I have many of these.  I am working on the third (and likely final) book in my urban fantasy series.  I have another novel that is about 95% finished and yet another that is about 5% done.  And yes, still another that is fairly well along.  These are all fantasy-related, some dealing with vampires, some with other dimensions, some with wizards, maybe some dragons.  My hope is they will all pull from standard tropes but come forth in a non-standard way.

And there we go.  I do hope you have enjoyed this further glimpse into my life.  As always, please feel free to like, share, or comment.  Thank you all.



Posted: January 12, 2017 in Blog
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There is too much expectation out there for free or very under-priced books. It takes authors a great deal of time and effort to write, edit, and publish a book. Independent publishers are also dealing with this. It seems a portion of the general public is shocked to have to pay more than 99 cents for an ebook or $10 for a print book, yet they hardly balk at the prices for coffee at Starbuck’s or the admission for a movie at the theater.

It can take authors years to finalize a book.  For some of us, there is a great deal of research, whether through traditional means such as digging into available resources or through the consulting of those more knowledgeable.  I have done both, and both take time.  The latter takes the time of another and can come with its own cost.  Then there are the many hours for editing, generally which takes the time of more than one person and also has its cost. When it is time to go into publication, the art for the book cover must be commissioned.  I have never tried to quantify the amount of workhours expended for the publication of one book, but I know from personal experience that it is a great deal.  For this, the price of a book is also a great deal.  Why consumers feel the need to blanch at the price or feel entitled to a free one is beyond me.

A book is yours to keep and re-visit whenever you like, or you can pass it along to a friend or family member.  A book opens up worlds that have virtually no scope.  They stimulate the imagination.  These treasures are highly valuable and should be treated as such.

To this end, please consider attending a Facebook even which will feature many, many authors along with their very affordable works.  You may find a door worth opening.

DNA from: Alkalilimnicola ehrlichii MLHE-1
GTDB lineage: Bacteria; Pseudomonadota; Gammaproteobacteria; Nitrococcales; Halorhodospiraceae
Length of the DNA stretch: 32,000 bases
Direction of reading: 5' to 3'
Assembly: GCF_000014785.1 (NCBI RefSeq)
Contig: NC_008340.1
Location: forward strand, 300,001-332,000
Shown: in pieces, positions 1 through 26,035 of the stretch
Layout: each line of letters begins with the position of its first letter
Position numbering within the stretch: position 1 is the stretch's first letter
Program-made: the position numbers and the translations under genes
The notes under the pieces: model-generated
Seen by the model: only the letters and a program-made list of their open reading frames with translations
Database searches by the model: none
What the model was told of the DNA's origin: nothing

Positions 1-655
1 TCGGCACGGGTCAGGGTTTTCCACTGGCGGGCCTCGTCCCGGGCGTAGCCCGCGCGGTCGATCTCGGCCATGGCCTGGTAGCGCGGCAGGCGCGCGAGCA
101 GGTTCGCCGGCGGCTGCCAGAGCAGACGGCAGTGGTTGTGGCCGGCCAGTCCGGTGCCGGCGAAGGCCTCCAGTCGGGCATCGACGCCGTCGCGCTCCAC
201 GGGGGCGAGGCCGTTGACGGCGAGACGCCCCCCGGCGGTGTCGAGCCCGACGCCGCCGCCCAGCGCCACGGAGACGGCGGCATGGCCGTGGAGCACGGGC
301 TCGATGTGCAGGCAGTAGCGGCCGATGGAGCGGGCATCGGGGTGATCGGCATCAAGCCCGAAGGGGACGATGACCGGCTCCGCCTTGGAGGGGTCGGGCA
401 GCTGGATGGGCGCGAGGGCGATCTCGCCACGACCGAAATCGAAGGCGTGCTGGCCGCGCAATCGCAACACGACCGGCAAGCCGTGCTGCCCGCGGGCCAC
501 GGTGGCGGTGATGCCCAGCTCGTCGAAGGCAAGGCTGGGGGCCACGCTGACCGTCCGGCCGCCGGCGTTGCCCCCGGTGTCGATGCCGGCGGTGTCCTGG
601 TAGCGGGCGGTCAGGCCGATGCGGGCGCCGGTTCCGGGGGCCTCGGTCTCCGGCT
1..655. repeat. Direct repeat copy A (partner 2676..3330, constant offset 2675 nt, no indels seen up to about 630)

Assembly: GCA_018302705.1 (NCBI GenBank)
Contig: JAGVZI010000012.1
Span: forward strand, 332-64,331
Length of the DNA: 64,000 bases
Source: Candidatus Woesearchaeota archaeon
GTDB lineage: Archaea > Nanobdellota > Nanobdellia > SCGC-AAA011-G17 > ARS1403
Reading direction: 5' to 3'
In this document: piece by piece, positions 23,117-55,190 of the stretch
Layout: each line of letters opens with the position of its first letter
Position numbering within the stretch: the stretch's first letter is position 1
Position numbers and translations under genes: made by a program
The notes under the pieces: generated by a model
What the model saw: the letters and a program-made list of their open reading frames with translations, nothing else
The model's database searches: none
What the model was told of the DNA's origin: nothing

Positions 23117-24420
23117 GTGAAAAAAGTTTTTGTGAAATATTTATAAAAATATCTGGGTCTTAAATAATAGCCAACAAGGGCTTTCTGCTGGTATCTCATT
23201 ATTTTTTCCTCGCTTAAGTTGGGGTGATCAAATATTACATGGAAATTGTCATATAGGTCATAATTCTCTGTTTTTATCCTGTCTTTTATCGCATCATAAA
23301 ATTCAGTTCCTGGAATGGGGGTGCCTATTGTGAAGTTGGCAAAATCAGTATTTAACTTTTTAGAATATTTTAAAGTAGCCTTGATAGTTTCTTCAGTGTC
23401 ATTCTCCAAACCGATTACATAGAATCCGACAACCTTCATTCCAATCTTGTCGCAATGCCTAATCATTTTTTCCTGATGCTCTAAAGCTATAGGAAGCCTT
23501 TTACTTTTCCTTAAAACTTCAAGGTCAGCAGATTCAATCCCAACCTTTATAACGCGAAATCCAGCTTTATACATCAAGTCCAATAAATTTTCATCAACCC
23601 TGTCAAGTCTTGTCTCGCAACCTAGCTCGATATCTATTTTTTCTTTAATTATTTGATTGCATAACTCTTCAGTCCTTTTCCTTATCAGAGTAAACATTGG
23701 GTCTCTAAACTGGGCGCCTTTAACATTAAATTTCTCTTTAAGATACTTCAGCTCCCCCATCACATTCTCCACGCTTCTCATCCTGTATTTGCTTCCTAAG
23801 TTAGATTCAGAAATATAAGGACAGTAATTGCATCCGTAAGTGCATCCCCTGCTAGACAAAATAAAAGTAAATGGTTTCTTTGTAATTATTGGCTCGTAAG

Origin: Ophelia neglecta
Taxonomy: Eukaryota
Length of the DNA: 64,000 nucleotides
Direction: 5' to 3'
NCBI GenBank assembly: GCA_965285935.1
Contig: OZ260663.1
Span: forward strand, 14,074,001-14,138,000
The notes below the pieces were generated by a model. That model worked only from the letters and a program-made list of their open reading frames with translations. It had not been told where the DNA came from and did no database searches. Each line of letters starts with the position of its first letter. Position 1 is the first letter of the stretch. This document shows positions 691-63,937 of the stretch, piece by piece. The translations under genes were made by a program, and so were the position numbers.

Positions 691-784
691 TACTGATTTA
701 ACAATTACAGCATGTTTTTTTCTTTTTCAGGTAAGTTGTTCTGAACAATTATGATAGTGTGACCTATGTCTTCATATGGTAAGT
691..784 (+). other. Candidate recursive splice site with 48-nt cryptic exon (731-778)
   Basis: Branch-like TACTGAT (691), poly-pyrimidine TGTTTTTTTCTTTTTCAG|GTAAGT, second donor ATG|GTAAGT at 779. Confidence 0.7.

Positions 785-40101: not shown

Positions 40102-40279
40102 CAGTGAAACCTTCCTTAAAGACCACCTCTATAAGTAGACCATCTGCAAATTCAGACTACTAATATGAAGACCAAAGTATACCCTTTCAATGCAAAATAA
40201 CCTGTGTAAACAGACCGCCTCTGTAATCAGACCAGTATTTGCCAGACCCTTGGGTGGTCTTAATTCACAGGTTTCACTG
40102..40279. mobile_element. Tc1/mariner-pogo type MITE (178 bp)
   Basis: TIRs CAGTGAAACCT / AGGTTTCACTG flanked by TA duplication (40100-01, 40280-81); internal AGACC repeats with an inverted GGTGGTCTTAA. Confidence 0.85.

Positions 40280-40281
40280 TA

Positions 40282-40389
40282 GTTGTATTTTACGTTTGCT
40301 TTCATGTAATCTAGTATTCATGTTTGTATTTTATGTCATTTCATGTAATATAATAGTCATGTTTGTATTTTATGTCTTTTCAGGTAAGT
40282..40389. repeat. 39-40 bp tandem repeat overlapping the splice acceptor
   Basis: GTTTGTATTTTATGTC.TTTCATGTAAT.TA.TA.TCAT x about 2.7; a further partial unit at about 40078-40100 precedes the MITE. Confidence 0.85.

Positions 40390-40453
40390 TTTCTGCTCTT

Our Books Are Not Free – Facebook Event

Thank you,

Feedback Wanted

Posted: November 28, 2016 in Blog
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Authors want reviews. Authors want feedback, comments, communication. It can especially feel like working in a vacuum when you post or publish something and you get little to no response. Sure, many people may be reading and having a positive experience, but without feedback, how do we know?

So, write reviews.  Leave comments.  Please.

Here is where my own “problem” arises. I do not like leaving negative reviews. I have made one negative review, and it was for a very well-established author, so I don’t think it put the slightest chink in his armor. I like the author very much, just didn’t care for this one book, and I left what I felt was an honest, possibly meaningful review for others to read.

I understand the difference between a spiteful review and a negative one that is also constructive.  I understand not to let too much of my own personal desires make it sound like I am objectively naming something “bad”.  Even with this, I don’t like leaving negative reviews.

I have read many indie short stories and books of late, and I have not liked them all. Some were a bit … well, let’s just say I didn’t even finish them. In the wise words of the great James Dalton, “Opinions vary.”  I did not leave reviews for those.

I have read many authors saying to please leave a review, even if it is a poor one. Every review counts and matters. I want to help other authors, but it almost makes my skin crawl to leave a negative review. My approach is that I leave a positive review, or I do not leave one at all.  In this vein, I try to even make a positive spin to a potentially negative review, or again, I don’t leave one at all.

I know this is not the correct attitude, but it bothers me to think of doing something “negative” toward other independent authors.

And here I am asking for feedback and reviews.  It is troubling, I know, and I struggle with how to best leave a review for something I did not like.  It’s so much easier to leave a positive review.

Of course, I do hope you will purchase, read, and review my debut urban fantasy novel, Dance of the Butterfly.  Many thanks!  And feel free to leave a comment.

Click for the print version.
Click for electronic editions.

Echoes and Whispers

Posted: August 25, 2016 in Blog
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My father had one of the early Compaq computers.  I used to sit in his study, tapping away on it.  It had WordPerfect, so I had the laminated cheat sheet for all the function commands and such.  Quite a different and more laborious interface than what we have now, but it was still so much more thrilling to me than using the old typewriter.

I was writing a long story (a book in my mind) about a post-apocalyptic world where some big baddie had gotten hold of a nuclear weapon and was going to use it on what was left of civilization.  Some less than savory person had been commissioned by this remnant of order and sent into the worst of the wasteland to stop the evil plan.  Quite all cliché.  I didn’t finish it.